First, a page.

Vancouver Canucks\' Henrik Sedin, left, of Sweden, and Sami Salo, of Finland, celebrate Salo\'s game-winning goal against the Minnesota Wild during overtime NHL hockey action in Vancouver, B.C., on Sunday April 4, 2010. THE CANADIAN PRESS/Darryl Dyck
With one week left in the regular season and the Art Ross Trophy well within reach, Henrik Sedin says he isn't concerned about chasing the first major award of his NHL career.
The Vancouver Canucks forward has a two-point lead over Alex Ovechkin in the scoring race, with Sidney Crosby in third, nine points back.
Sedin isn't concerned about holding off the league's two biggest superstars over the final three games of the season.
"I haven't really put a lot of focus on it," Sedin said Monday on a conference call. "I think I passed Ovechkin in January. I mean, I was up there (and) I knew I had a small chance. But it's not all up to me.
"I can only go out and do my best, and then it's Ovechkin or someone else puts up 10, 12 points the last four games, then I still haven't won it."
Sedin has a chance to become the first Canadian-based player to lead the NHL in scoring since Calgary Flames captain Jarome Iginla in 2002. He would also be the eighth different player to win the scoring title in as many seasons.
The 29-year-old has taken his game to another level this season, racking up 24 more points than the career-best 82 he had in 2008-09. He's not sure exactly what prompted the surge.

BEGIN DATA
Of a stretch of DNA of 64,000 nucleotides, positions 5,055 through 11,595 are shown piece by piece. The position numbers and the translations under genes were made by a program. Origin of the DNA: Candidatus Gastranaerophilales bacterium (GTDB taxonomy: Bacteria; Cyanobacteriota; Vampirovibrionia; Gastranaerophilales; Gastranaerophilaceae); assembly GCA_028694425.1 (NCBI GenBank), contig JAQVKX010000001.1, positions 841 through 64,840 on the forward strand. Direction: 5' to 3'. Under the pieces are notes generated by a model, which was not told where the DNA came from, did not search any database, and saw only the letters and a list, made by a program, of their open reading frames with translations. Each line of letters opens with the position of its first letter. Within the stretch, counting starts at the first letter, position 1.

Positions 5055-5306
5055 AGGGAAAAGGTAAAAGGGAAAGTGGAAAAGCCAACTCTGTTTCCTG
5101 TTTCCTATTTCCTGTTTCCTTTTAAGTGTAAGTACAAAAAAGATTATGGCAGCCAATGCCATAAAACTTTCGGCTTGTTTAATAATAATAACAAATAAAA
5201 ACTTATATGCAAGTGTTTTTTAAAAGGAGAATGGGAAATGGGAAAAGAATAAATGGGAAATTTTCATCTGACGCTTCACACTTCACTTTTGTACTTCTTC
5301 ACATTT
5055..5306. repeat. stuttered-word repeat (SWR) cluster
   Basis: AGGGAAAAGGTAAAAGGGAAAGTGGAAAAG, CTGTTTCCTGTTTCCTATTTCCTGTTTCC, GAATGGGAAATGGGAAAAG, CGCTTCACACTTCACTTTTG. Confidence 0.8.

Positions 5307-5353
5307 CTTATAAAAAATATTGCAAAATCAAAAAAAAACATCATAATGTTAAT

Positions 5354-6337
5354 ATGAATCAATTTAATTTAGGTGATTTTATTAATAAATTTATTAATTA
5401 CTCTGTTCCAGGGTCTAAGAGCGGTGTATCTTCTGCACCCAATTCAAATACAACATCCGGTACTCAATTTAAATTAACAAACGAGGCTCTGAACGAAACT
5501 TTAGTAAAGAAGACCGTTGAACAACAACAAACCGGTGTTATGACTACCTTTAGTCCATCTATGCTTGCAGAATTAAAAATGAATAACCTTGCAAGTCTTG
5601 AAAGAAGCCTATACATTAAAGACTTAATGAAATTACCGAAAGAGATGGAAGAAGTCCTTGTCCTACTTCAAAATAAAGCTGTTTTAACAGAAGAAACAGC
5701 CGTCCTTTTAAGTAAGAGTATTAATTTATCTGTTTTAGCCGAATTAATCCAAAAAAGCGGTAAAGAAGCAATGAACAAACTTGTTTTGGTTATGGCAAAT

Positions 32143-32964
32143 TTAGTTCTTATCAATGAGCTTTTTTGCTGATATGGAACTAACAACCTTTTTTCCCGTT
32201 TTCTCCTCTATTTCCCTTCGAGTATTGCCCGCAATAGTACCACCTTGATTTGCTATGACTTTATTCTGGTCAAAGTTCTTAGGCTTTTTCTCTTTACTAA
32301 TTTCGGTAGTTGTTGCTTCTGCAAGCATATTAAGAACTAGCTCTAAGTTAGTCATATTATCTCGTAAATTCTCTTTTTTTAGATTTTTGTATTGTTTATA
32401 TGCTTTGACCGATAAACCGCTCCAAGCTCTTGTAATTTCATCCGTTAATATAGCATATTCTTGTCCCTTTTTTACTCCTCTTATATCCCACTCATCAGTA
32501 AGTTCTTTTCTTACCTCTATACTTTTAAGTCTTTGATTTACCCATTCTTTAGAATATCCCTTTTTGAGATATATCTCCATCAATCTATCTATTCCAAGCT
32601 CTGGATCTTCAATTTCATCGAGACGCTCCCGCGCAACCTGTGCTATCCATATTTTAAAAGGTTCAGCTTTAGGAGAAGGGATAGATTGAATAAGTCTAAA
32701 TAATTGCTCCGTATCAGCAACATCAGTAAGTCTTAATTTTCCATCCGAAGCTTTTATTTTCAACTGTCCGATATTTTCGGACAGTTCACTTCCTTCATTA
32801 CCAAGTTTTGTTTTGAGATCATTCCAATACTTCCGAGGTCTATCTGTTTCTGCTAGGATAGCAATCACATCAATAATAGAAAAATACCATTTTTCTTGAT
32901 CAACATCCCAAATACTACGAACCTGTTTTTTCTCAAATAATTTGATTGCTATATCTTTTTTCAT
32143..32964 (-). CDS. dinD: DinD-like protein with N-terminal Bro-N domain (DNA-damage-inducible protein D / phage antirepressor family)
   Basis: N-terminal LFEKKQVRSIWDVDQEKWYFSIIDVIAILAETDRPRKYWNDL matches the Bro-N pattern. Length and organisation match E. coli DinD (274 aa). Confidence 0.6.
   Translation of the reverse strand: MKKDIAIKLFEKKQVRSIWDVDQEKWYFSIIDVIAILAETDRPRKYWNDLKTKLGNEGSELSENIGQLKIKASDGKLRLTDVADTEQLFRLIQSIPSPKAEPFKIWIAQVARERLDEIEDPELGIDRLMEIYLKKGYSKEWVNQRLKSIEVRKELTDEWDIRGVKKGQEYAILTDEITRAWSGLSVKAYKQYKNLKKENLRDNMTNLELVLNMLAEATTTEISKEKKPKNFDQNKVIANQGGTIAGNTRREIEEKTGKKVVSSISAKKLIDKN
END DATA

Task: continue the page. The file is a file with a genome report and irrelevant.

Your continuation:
"I can't really put a finger on it," said Sedin. "There's a lot of different things that come together. (Linemate Alex) Burrows is having a career year; (twin brother and linemate Daniel Sedin) is playing better than ever too. We always try to get better every year.
"I think it's a process over a long period of time where we've worked harder every summer. It's just nice that the hard work has paid off this year."
The Sedin twins signed matching US$30.5-million, six-year contract extensions prior to becoming unrestricted free agents in July. They have spent their entire careers in Vancouver and are focused on getting the Canucks over the top.
With the playoffs looming, Henrik Sedin believes the offensive capabilities of this year's team sets it apart from previous editions.
"I think a lot of people see we can score goals," he said. "That hasn't been the case maybe in the years past. So I think we still have to focus on cutting down other teams chances because we know we can put up goals. We are up there with Washington and San Jose, those teams.
"I don't think we're going to have a problem."